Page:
A1 Introduction

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Information about A1 Introduction

Published on March 20, 2008

Author: Bernardo

Source: authorstream.com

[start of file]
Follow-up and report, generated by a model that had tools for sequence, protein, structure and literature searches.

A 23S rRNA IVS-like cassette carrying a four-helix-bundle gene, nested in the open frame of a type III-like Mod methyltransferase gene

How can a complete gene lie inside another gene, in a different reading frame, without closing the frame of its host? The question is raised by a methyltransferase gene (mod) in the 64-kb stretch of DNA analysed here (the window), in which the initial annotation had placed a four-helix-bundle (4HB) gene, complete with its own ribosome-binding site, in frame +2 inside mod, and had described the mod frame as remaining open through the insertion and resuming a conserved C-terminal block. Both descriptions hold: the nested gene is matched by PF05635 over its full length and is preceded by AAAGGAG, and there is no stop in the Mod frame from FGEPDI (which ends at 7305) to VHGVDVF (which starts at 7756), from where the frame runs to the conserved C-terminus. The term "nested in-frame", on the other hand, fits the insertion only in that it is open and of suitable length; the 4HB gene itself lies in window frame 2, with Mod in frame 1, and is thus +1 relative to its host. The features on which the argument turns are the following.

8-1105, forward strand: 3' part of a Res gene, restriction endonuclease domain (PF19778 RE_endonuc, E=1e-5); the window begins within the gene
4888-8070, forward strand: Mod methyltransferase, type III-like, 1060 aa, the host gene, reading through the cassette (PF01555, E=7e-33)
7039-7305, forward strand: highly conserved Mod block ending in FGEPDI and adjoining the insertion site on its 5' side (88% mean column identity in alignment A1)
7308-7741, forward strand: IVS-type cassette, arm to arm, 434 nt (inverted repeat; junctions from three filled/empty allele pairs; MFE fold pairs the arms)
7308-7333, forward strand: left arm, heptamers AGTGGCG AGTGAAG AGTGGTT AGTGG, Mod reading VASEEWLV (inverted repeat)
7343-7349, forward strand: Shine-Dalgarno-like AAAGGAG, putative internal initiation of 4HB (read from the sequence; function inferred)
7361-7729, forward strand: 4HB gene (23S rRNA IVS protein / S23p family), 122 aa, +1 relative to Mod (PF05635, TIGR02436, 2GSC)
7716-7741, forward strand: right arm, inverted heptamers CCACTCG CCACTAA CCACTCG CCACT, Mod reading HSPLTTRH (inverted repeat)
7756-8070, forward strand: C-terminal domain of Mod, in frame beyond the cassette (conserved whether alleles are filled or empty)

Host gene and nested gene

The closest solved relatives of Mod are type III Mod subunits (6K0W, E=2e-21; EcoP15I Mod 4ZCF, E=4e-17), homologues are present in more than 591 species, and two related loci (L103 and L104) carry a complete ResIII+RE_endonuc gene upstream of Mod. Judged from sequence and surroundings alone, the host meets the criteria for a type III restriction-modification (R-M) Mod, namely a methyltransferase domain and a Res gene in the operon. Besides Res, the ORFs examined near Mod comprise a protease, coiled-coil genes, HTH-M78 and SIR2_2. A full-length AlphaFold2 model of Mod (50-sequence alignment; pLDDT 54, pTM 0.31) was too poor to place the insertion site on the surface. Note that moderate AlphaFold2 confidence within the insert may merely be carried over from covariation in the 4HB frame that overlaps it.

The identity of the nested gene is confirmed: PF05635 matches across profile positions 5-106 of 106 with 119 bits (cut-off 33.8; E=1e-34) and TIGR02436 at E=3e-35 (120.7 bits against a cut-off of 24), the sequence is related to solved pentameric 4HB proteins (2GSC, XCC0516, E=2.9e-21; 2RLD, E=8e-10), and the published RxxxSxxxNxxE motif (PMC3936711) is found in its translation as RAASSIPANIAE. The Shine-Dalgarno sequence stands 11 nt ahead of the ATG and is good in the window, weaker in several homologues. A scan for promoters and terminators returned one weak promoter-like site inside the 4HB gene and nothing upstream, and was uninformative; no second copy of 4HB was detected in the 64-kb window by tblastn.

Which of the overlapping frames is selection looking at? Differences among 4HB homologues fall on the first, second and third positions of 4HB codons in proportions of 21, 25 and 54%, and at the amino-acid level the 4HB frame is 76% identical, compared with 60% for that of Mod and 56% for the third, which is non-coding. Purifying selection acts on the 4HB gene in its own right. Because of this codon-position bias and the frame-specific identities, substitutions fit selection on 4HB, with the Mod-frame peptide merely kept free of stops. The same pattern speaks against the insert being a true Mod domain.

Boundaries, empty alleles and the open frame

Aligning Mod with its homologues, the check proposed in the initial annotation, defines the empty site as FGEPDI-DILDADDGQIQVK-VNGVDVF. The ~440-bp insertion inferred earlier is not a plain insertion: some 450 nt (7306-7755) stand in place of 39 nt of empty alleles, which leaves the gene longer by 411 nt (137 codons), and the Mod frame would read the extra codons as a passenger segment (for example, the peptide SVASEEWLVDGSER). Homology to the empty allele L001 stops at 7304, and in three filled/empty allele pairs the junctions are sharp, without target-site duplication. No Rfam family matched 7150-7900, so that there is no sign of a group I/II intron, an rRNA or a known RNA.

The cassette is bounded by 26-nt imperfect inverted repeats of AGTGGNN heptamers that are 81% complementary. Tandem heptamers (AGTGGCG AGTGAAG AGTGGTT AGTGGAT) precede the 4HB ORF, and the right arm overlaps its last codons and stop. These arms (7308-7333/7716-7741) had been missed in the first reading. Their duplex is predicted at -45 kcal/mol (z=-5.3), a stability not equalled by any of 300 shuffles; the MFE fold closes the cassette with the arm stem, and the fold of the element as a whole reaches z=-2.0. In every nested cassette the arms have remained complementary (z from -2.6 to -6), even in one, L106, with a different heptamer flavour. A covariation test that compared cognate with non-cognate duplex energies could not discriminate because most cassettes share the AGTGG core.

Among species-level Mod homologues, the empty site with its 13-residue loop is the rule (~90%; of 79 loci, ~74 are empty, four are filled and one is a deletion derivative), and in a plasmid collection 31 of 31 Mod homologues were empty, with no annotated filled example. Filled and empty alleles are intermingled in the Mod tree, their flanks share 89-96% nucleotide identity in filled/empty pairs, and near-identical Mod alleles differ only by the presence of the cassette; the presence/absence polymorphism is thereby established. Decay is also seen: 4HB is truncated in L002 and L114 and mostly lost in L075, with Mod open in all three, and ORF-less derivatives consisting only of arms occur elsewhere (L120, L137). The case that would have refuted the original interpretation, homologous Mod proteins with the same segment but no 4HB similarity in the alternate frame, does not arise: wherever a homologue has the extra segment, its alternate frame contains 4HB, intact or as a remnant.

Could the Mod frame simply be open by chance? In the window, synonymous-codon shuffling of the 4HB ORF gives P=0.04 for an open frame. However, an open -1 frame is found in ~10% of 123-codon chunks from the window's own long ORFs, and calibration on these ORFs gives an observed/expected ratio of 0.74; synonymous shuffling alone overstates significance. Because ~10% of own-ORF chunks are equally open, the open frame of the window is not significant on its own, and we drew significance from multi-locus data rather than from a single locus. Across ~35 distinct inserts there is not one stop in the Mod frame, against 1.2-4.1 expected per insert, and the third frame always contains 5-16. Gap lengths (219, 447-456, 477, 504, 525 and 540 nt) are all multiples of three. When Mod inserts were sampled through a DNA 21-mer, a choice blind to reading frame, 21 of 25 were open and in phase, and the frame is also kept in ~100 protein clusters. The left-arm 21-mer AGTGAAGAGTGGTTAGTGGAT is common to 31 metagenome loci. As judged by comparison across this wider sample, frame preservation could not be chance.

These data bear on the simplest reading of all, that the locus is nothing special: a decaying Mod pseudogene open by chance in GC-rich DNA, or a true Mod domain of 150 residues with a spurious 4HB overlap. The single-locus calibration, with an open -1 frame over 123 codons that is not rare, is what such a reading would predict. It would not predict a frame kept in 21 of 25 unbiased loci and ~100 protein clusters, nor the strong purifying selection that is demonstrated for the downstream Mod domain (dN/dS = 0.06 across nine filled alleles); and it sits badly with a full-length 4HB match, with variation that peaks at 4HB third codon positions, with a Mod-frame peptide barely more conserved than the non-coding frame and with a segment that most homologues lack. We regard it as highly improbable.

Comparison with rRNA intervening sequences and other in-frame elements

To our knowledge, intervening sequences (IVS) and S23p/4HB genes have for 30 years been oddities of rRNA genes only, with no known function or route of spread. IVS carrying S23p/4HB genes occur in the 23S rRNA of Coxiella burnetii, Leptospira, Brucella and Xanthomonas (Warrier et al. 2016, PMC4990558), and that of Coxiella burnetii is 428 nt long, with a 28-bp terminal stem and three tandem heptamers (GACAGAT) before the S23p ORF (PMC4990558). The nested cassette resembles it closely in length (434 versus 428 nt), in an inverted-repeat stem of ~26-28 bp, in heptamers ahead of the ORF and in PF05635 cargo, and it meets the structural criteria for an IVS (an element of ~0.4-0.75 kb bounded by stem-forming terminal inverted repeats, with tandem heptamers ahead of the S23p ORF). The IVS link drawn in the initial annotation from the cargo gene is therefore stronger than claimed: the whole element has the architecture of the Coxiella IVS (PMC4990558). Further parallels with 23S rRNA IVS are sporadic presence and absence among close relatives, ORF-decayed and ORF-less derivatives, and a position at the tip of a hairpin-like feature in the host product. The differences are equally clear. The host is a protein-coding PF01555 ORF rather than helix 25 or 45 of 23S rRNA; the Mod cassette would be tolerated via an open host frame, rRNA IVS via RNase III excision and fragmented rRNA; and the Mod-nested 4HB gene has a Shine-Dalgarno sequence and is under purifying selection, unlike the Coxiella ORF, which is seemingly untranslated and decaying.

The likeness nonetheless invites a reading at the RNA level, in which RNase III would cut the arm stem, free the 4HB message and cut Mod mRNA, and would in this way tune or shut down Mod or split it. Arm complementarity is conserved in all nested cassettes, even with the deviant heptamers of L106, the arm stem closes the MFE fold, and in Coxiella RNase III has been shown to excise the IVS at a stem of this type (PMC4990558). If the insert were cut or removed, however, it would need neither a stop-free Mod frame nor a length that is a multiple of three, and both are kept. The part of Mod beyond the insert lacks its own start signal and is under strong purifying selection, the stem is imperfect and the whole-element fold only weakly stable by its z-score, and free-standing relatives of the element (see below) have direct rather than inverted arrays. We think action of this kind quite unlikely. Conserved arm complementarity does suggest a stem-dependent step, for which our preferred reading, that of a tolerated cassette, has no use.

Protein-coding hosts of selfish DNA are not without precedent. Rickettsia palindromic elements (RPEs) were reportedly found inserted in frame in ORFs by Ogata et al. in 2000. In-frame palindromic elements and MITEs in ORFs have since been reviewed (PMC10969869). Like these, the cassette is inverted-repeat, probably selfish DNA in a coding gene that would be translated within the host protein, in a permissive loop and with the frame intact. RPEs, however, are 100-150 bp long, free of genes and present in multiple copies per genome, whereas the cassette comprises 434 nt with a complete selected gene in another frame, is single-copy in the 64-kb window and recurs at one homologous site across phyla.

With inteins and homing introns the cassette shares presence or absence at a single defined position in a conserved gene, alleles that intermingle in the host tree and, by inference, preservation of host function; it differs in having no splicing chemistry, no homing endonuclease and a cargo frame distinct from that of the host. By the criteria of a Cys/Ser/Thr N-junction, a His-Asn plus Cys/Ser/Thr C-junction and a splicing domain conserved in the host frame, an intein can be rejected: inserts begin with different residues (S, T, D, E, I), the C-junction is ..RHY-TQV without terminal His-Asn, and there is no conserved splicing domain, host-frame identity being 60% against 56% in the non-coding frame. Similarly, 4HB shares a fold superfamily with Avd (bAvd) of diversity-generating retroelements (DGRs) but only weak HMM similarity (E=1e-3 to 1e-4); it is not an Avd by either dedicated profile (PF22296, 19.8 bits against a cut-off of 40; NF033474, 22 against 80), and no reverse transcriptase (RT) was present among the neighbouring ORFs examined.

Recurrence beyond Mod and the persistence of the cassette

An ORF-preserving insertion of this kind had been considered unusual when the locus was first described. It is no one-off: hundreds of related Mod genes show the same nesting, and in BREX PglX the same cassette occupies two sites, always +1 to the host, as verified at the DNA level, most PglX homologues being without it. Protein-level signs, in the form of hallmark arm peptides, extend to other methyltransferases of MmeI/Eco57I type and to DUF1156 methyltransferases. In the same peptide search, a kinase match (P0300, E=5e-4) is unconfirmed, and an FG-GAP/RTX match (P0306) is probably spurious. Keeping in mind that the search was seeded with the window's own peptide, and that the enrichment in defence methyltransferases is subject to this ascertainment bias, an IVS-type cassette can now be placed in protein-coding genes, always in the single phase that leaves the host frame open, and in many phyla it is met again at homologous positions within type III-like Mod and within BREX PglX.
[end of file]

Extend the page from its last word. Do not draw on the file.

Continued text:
Mobile Networking Prof. JP Hubaux http://mobnet.epfl.ch :  Mobile Networking Prof. JP Hubaux http://mobnet.epfl.ch About this course:  About this course The course is about the system aspects of mobile networking Therefore, it covers: networking issues (MAC and routing, principally) security issues estimation of network capacity and resource management It does not cover: radio propagation models modulation and equalization techniques source or channel coding speech coding or other signal processing aspects Software-centric aspects (e.g., mobile agents) It is focused on mechanisms, and avoids a detailed (and boring) description of standards However, it does propose an insight on IEEE 802.11 Course outline/calendar and textbook:  Course outline/calendar and textbook http://mobnet.epfl.ch/index.php?page=calendar http://www.inf.fu-berlin.de/inst/ag-tech/resources/mobkom/mobile_communications.htm J. Schiller: Mobile Communications, Addison-Wesley, Second Edition, 2004 Module A – Introduction (Part A1) :  Module A – Introduction (Part A1) Wireless communication and mobility:  Wireless communication and mobility Aspects of mobility: user mobility: users communicate “anytime, anywhere, with anyone” device portability: devices can be connected anytime, anywhere to the network Wireless vs. mobile Examples   stationary computer (desktop)   notebook in a hotel   wireless LANs in historic buildings   Personal Digital Assistant (PDA) The demand for mobile communication creates the need for integration of wireless networks or mobility mechanisms into existing fixed networks: telephone network  cellular telephony (e.g., GSM) local area networks  Wireless LANs (e.g., IEEE 802.11) Internet  Mobile IP Examples of applications (1/2):  Examples of applications (1/2) Person to person communication (e.g., voice, SMS) Person to server (e.g., timetable consultation, telebanking) Vehicles position via GPS local ad-hoc network with vehicles close-by to prevent accidents, guidance system, adaptive cruise control transmission of news, road condition, weather, music via Digital Audio Broadcasting vehicle data (e.g., from buses, trains, aircrafts) transmitted for maintenance Disaster situations replacement of a fixed infrastructure in case of earthquakes, hurricanes, fire etc. Military networks Typical application: road traffic:  Typical application: road traffic ad hoc GSM, UMTS TETRA, ... http://ivc.epfl.ch http://www.sevecom.org Examples of applications (2/2):  Examples of applications (2/2) Traveling salespeople direct access to customer files stored in a central location consistent databases for all agents mobile office Replacement of fixed networks Sensors trade shows networks LANs in historic buildings Entertainment, education, ... outdoor Internet access travel guide with up-to-date location dependent information ad-hoc networks for multi user games Location-dependent advertising Built 150BC Location dependent services:  Location dependent services Location aware services what services, e.g., printer, fax, phone, server etc. exist in the local environment Follow-on services automatic call-forwarding, transmission of the actual workspace to the current location Information services „push“: e.g., current special offers in the shop nearby „pull“: e.g., where is the closest Migros? Support services caches, intermediate results, state information etc. „follow“ the mobile device through the fixed network Mobile devices:  Mobile devices performance Pager receive only tiny displays simple text messages Mobile phones voice, data simple text displays PDA simple graphical displays character recognition simplified WWW Laptop functionally eq. to desktop standard applications Wireless sensors Limited proc. power Small battery RFID tag A few thousands of logical gates Responds only to the RFID reader requests (no battery) Wireless networks in comparison to fixed networks:  Wireless networks in comparison to fixed networks Higher data loss-rates due to notably to interferences emissions of e.g., engines, lightning, other wireless networks, micro-wave ovens Restrictive regulations of frequencies Usage of frequencies has to be coordinated, useful frequencies are almost all occupied Lower transmission rates From a few kbit/s (e.g., GSM) to a few 10s of Mbit/s (e.g. WLAN) Higher jitter Lower security (higher vulnerability) Radio link permanently shared  need of sophisticated MAC Fluctuating quality of the radio links Unknown and variable access points  authentication procedures Unknown location of the mobile station  mobility management History of wireless communication (1/3):  History of wireless communication (1/3) Many people in History used light for communication heliographs, flags („semaphore“), ... 150 BC smoke signals for communication (Greece) 1794, optical telegraph, Claude Chappe Electromagnetic waves are of special importance: 1831 Faraday demonstrates electromagnetic induction J. Maxwell (1831-79): theory of electromagnetic Fields, wave equations (1864) H. Hertz (1857-94): demonstrates with an experiment the wave character of electrical transmission through space (1886) History of wireless communication (2/3):  History of wireless communication (2/3) 1895 Guglielmo Marconi first demonstration of wireless telegraphy long wave transmission, high transmission power necessary (> 200kw) 1907 Commercial transatlantic connections huge base stations (30 to 100m high antennas) 1915 Wireless voice transmission New York - San Francisco 1920 Discovery of short waves by Marconi reflection at the ionosphere smaller sender and receiver, possible due to the invention of the vacuum tube (1906, Lee DeForest and Robert von Lieben) History of wireless communication (3/3):  History of wireless communication (3/3) 1928 Many TV broadcast trials (across Atlantic, color TV, TV news) 1933 Frequency modulation (E. H. Armstrong) 1946 First public mobile telephone service in 25 US cities (1 antenna per city…) 1976 Bell Mobile Phone service for NY city 1979 NMT at 450MHz (Scandinavian countries) 1982 Start of GSM-specification goal: pan-European digital mobile phone system with roaming 1983 Start of the American AMPS (Advanced Mobile Phone System, analog) 1984 CT-1 standard (Europe) for cordless telephones 1992 Deployment of GSM Wireless systems: development over the last 25 years:  Wireless systems: development over the last 25 years cellular phones satellites wireless LAN cordless phones 1992: GSM 1994: DCS 1800 2001: UMTS/IMT-2000 CDMA-2000 (USA) 1987: CT1+ 1982: Inmarsat-A 1992: Inmarsat-B Inmarsat-M 1998: Iridium 1989: CT 2 1991: DECT 199x: proprietary 1997: IEEE 802.11 1999: 802.11b, Bluetooth 1988: Inmarsat-C analogue digital 1991: D-AMPS 1991: CDMA 1981: NMT 450 1986: NMT 900 1980: CT0 1984: CT1 1983: AMPS 1993: PDC 4G – fourth generation: when and how? 2000: GPRS 2000: IEEE 802.11a 200?: Fourth Generation (Internet based) NMT: Nordic Mobile Telephone DECT: Digital Enhanced Cordless Telecom. AMPS: Advanced Mobile Phone System (USA) DCS: Digital Cellular System CT: Cordless Telephone PDC: Pacific Digital Cellular UMTS: Universal Mobile Telecom. System PAN: Personal Area Network What is missing ? Areas of research in mobile communication:  Areas of research in mobile communication Wireless Communication transmission quality (bandwidth, error rate, delay) modulation, coding, interference media access ... Mobility location dependent services location transparency quality of service support (delay, jitter) security ... Portability integration (“system on a chip”) power consumption limited computing power, sizes of display, ... usability ... Reference model:  Reference model Application Transport Network Data Link Physical Data Link Physical Application Transport Network Data Link Physical Data Link Physical Radio link Influence of mobile communication on the layer model:  Influence of mobile communication on the layer model location-dependent services new applications, multimedia adaptive applications congestion and flow control quality of service addressing, routing, mobility management hand-over media access multiplexing modulation power management, interference attenuation frequency allocation Application layer Transport layer Network layer Data link layer Physical layer security Overlay Networks - the global view:  Overlay Networks - the global view wide area metropolitan area campus-based in-house vertical hand-over horizontal hand-over Integration of heterogeneous fixed and mobile networks with varying transmission characteristics References:  References J. Schiller: Mobile Communications, Addison-Wesley, Second Edition, 2004 B. Walke: Mobile Radio Networks, Wiley, Second Edition, 2002 T. Rappaport: Wireless Communications, Prentice Hall, Second Edition, 2001 M. Schwartz: Mobile Wireless Communications, Cambridge University Press, 2004 L. Buttyan and JP Hubaux: Security and Cooperation in Wireless Networks, Cambridge University Press, 2007, http://secowinet.epfl.ch